When an officer pulls over someone under the suspicion of drunk driving, they may ask the driver to take a breath test. If their blood alcohol content (BAC) is above the legal driving limit, then they may be charged with driving while impaired (DWI). A DWI can severely impact a driver’s record, cost hundreds or thousands of fines and lead to incarceration.
Alternatively, officers may conduct field sobriety tests. These tests ask drivers to step outside their vehicle and perform movements that might indicate to an officer that the driver is impaired. However, field sobriety tests often don’t have science backing the results and may be misjudged.
Here’s what you should know:
DWI convictions without evidence
Field sobriety tests are used to reveal certain qualities someone, under the influence of alcohol or drugs, may possess. However, field sobriety tests are judged by essentially an officer’s gut feeling. In other words, there may be other factors that affect a police officer’s judgment.
There are a few common field sobriety tests law enforcement may conduct and examples of how these tests may reveal false assumptions:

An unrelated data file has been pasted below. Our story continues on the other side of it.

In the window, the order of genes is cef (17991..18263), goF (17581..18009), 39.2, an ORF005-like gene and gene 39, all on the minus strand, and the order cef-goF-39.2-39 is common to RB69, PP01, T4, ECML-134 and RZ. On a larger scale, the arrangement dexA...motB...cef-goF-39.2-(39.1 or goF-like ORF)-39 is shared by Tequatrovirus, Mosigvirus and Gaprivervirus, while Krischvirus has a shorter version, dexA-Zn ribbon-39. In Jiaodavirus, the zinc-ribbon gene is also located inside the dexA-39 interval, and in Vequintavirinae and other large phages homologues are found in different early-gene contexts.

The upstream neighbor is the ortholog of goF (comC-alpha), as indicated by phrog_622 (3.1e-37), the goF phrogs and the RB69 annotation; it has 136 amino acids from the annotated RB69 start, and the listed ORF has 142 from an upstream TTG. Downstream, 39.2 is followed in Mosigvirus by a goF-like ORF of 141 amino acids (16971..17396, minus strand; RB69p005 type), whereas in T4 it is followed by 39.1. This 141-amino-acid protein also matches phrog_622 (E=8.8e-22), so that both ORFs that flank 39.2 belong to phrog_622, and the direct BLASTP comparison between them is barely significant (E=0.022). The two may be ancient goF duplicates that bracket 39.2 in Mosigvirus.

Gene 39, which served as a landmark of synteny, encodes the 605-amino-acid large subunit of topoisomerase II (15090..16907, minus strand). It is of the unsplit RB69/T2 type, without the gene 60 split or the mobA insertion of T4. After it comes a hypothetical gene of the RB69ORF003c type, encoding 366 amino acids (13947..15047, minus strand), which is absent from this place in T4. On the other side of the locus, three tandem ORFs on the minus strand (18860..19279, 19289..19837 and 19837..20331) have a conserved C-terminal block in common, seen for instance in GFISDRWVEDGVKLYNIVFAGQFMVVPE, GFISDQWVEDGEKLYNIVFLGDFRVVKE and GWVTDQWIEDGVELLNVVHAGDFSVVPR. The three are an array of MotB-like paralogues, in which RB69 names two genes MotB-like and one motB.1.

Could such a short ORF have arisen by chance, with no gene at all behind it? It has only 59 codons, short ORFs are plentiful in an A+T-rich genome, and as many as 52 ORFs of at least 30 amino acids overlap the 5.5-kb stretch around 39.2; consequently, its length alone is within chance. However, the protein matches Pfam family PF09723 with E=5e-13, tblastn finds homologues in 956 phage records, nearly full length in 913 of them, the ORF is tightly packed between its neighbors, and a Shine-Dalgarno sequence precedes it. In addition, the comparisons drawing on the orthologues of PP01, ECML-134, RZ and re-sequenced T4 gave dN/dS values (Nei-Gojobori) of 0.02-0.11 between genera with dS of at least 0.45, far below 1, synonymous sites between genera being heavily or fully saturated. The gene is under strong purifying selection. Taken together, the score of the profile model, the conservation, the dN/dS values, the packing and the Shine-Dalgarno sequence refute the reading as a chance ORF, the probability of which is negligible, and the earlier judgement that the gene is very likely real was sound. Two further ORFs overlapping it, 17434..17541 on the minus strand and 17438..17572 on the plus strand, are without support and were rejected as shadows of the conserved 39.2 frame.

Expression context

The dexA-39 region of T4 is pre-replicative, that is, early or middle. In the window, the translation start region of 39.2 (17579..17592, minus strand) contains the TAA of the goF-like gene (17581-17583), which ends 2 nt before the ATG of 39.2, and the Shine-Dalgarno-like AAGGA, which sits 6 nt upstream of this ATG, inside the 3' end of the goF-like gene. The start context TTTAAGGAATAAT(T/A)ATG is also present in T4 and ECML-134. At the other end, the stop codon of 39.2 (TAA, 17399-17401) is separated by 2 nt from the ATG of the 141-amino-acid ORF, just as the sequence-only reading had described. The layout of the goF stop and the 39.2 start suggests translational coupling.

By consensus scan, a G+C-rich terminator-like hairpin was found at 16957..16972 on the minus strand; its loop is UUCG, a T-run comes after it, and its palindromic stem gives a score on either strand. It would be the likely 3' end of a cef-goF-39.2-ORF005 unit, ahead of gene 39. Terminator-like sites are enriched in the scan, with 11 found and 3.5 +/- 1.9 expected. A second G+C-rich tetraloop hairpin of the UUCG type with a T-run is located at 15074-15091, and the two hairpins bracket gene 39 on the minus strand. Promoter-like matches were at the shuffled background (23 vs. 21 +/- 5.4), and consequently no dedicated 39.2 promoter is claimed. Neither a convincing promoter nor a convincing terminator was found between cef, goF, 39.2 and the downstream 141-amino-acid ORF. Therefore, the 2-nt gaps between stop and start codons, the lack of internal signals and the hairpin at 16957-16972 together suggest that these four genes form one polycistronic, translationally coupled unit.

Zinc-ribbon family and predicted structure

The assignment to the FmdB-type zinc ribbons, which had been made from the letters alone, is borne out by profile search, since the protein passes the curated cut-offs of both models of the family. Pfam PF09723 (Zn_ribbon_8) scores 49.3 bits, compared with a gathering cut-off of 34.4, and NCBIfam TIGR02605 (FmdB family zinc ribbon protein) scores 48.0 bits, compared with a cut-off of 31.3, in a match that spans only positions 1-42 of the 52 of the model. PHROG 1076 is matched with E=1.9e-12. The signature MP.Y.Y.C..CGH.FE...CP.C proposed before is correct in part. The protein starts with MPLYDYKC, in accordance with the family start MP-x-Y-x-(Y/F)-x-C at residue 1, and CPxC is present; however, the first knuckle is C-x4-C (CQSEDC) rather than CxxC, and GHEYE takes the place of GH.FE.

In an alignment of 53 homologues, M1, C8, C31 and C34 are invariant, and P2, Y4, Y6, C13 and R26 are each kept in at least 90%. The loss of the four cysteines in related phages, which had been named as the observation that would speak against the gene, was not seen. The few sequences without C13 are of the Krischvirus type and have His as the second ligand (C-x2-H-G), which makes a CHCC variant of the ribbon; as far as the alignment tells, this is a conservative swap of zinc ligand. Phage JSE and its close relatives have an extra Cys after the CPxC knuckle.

- One-legged stand test: This test evaluates a person’s balance by asking them to stand on one leg. If a person isn’t able to stay on one leg, falls or can’t perform the test altogether, they may be charged with a DWI. People with preexisting balance issues or leg injuries may not pass the test while sober.
- Walk and turn test: This test requires a person to walk in a straight line, turn and walk back. A DWI charge may be given if someone can’t stay on the line. This test may be hard to pass if someone has a walking disability.
- Nystagmus test: In this test, an officer will ask the driver to follow a single point with their eyes. Someone with eye issues (lazy eye, vision impairment or cataracts) may struggle with this test.
Because many factors prevent someone from passing a field sobriety test, there may be wrongly issued charges against a driver. You may need to reach out for legal help if you’re wanting to know your options.